Delta was established in the 1980s by Aloysio De Andrade Faria, a 94-year-old billionaire with an affinity for breeding prize milk cows and Arabian horses.

With a reputation among Brazilian media outlets for rarely granting interviews, Faria has built a business empire that includes Sao Paulo-based Banco Alfa de Investimento SA, hotels, a palm-oil producer and a home improvement chain. In 1998, he sold a bank founded by his father for $2.1-billion.

Delta’s business was based “entirely” on helping Latin American clients reduce their taxes, the OCC said in a 1996 report. Faria has maintained ties to Delta through a Cayman Islands investment company, according to a recent Federal Reserve document and a former employee.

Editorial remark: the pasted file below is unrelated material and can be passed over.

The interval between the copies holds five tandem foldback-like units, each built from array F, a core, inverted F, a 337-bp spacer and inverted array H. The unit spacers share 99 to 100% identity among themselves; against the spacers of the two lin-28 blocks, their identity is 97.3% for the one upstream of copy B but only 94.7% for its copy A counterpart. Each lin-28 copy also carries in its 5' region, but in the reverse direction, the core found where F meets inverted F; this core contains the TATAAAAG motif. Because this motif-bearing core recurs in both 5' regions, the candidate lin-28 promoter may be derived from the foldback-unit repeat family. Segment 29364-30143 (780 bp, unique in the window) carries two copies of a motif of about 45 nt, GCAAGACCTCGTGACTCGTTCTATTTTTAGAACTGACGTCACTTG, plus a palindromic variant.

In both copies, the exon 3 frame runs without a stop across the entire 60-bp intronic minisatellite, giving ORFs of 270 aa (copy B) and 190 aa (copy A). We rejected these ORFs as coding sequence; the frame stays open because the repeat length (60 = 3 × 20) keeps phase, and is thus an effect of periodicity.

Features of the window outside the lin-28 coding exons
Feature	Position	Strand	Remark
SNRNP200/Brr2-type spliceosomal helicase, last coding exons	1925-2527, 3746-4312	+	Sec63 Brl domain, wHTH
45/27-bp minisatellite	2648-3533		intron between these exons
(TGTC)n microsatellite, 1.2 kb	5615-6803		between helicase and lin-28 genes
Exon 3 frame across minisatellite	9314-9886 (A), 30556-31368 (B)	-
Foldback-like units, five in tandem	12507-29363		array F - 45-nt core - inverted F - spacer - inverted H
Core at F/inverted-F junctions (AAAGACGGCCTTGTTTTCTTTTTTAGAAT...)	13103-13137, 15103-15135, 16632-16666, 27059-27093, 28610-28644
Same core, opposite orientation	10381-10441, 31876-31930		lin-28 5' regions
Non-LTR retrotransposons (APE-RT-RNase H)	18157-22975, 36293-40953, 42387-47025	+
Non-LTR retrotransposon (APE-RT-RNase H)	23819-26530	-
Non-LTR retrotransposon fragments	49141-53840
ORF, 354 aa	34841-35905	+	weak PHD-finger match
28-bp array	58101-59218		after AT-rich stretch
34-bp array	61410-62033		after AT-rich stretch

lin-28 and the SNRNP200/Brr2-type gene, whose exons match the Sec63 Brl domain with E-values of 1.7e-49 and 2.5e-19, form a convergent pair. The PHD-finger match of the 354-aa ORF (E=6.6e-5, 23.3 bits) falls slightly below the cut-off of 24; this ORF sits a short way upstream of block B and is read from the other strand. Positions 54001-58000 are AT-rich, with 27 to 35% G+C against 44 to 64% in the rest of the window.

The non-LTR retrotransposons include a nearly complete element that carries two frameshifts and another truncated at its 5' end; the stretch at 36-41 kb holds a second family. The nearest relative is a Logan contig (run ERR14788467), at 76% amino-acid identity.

Faria couldn’t be reached for comment, and a spokesperson for Banco Alfa, his Sao Paulo bank, declined to comment.

Delta’s biggest blemish came in 2003 when the Justice Department accused it of allowing Colombian drug dealers to launder money through accounts at the bank. After being convicted of failing to file suspicious activity reports on as much as $10-million of transactions, Delta agreed to pay a $950 000 fine.

Years later, the Justice Department officials who oversaw the case wrote a legal article that said Delta’s conduct was an “intentional decision by the bank to allow these types of transactions”, not a compliance failure.

Brazilian investigations
In 2008, Brazilian prosecutors sought help from the Justice Department as part of a new investigation into one of Delta’s clients. They requested information about a Delta account for an examination of alleged money laundering and tax crimes involving a Brazilian sugar executive, US court documents show.

Last week’s indictment isn’t Delta’s first brush with a soccer scandal.